Home sweet home…

Following my talk at Bangor Bird Club ‘Cornell – The American Dream’, I did plan to head straight back up to Carlisle for Uni. However, as the trains where offline I had to re-book for the evening which meant I had a day to kill, and where else better than my old patch – RSPB Burton Mere Wetlands.

The day previously on the reserve had been fairly productive as a pair of Jack Snipe showed well from both Marsh Covert and Inner Marsh Farm, whilst a Water Pipit had been seen earlier in the day with a 1cy Hen Harrier bombing it right past Marsh Covert in the afternoon. However, today wasn’t quite the same. Walking into Reception there was no masses of gulls like there was yesterday, of which I picked four Med Gull, but a single adult Med Gull was still present. Having bumped into Tony on route to Marsh Covert we had our usual chat which concluded in that it seemed like a quiet day on the reserve…never judge a book by its cover.

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Jack Snipe (Lymnocryptes minimus)

Having departed from Marsh Covert where only a pair of Ruff where present, which was when I saw a rather excited Keith Duckers and it soon transpired that there was one flipping good reason for him to be as excited as he was…BEARDED REEDLING!!! A pair had been heard and seen briefly at the Reed Bed Screen, but when I legged it up the trail to see them there they where, right out in the open, both male and female. Just simply one of the most remarkable birds I’ve seen this year and on the reserve its self!

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Bearded Reedling (Panurus biarmicus)
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Bearded Reedling (Panurus biarmicus)

Bearded Reedling are as you can tell not something we get that often in Wirral and Cheshire. They’re a scarce irruptive visitor to the county (92 records to date), which have bred on two occasions, both at Neston Reedbed. Given that this pair have remained at the reserve for over a week, who’s to say that they won’t stay the winter and you never know, might breed. For a good ten minutes the pair performed superbly well for the crowd on site before departing to another part of the reserve out of view. After that, they were only seen once briefly in flight.

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Bearded Reedling (Panurus biarmicus)
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Bearded Reedling (Panurus biarmicus)
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Bearded Reedling (Panurus biarmicus)

Arriving back at the visitor centre to meet local Birder Andrea Thomas, bombed it down soon as I messaged her about the Reedlings, I was then stunned by something that just blew the Bearded Reedlings right out the water! Now, having been birding the Dee estuary for the last 4 years I’m used to seeing Hen Harrier, I’d safely call it the best place in the country to see them. But, in all that time the closest you’d get would be no more than 20 or 30 meters, if your lucky then might get them less than that! But out of nowhere a ringtail came in off the back of the scrapes and went in for the kill…Common Snipe was its choice. That in its self is enough to make anyone’s day, but when the harrier continued to head towards the hide having made the kill, not head to back of the scrapes to eat like the harriers usually do. That was when things began to hot up. Because it just coming closer, closer and closer until it no more than five meters in front of the hide and that was it landed in the vegetation on the Reception Pool. For me and the other observers who’d seen the Bearded Reedlings, despite them being a MEGA, a site first, showing brilliantly amongest other things.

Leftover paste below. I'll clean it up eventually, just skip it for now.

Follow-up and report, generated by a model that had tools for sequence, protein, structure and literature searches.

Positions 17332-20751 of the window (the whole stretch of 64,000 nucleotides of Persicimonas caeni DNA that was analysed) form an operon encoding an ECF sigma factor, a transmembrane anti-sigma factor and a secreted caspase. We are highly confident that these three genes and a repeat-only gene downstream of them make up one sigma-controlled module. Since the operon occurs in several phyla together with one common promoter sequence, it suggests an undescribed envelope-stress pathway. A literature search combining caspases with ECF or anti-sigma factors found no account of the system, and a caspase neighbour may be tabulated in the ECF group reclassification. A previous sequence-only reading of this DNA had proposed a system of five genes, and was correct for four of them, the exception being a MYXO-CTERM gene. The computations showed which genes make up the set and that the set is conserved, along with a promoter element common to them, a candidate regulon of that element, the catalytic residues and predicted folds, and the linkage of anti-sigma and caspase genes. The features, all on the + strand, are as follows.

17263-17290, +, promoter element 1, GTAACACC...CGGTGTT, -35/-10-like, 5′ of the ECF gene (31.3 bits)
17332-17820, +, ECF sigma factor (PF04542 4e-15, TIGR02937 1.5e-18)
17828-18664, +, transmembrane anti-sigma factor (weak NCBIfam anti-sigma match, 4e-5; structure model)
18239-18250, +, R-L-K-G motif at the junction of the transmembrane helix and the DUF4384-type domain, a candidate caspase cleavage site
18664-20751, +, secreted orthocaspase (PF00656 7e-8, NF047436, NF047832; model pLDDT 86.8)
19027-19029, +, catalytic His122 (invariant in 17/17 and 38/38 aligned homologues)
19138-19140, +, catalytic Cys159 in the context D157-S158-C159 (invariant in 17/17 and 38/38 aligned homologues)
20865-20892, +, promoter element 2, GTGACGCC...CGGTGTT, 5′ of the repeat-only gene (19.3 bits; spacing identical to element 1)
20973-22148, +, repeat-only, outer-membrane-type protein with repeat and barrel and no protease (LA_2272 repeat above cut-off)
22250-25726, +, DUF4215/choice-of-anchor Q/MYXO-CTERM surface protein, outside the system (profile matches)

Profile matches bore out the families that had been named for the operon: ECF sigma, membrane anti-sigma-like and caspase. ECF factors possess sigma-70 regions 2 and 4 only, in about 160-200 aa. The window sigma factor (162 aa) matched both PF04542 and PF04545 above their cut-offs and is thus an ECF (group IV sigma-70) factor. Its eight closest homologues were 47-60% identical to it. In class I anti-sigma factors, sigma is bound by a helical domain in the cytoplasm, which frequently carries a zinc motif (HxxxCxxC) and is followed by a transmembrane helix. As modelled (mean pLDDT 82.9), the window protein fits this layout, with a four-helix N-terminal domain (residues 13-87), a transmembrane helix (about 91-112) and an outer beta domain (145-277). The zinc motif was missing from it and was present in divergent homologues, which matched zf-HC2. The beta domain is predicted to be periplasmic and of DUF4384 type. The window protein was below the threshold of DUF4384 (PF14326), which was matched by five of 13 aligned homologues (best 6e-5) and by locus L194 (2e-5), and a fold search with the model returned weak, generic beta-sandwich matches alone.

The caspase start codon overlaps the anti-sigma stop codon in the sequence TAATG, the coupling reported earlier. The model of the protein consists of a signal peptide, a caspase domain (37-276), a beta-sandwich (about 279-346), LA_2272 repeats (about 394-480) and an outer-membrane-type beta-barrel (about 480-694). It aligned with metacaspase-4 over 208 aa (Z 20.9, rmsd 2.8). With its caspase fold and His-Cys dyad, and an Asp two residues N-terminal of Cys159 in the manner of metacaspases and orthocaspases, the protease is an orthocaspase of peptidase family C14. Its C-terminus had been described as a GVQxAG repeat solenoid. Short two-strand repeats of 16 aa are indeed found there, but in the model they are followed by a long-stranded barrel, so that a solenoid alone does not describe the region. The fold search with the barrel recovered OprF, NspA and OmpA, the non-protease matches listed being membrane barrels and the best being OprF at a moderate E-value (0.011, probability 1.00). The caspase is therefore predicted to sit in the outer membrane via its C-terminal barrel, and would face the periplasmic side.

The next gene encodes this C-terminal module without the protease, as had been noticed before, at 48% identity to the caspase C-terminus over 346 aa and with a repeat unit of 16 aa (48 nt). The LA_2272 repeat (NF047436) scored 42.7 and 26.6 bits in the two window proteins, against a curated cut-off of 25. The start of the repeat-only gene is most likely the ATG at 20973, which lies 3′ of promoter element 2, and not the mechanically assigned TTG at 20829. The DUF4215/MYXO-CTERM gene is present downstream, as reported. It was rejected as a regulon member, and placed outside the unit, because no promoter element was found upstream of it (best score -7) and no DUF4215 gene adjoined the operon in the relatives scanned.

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1cy female Hen Harrier (Circus cyaneus)
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1cy female Hen Harrier (Circus cyaneus)
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1cy female Hen Harrier (Circus cyaneus)

At this point Andrea’s son George arrived on site only to find out he’d just missed this incredible experience, gutted as you can imagine and well the day didn’t get much better either. There was no sign of the Water Pipit or Jack Snipes at either Marsh Covert or Inner Marsh Farm and despite giving it a good go, no more sign of the Bearded Reedlings. Despite all this every cloud has its silver lining and in this case it was when the day became a hat-trick. As not only did I have my best views of Hen Harrier and Bearded Reedling, but rounding it all was my best ever views yet of Merlin, Europe’s smallest Falcon.

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1cy female Hen Harrier (Circus cyaneus)
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1cy female Hen Harrier (Circus cyaneus)

The female/immature bird popped up in a tree whilst I wasn’t looking which observers called, ‘HOBBY’! But being November I took a look myself through George’s scope and sure enough, pretty nice views of Merlin. Which moments after I set eyes on it through the scope, the bird departed and flew straight over our heads. HAT-TRICK! I’ve been visiting RSPB Burton Mere Wetlands ever since it first opened back in 2014 and there’s been some special days: Red-necked Phalarope, Pectoral Sandpiper and Western Cattle Egret all from the same hide. Self finding the sites first record of Ring-billed Gull, my first visit to the reserve and spending an evening with Joel Tragen watching the egrets fly in to roost to then be bolting down the boardwalk in pursuit of a Great Egret.

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Merlin (Falco columbarius)

But, out of all the times I’ve been to this flagship reserve, I’ve never had a day quite like this with the birds, the views and the people to make it one day I’ll never forget.

 

Thanks for reading,

E.

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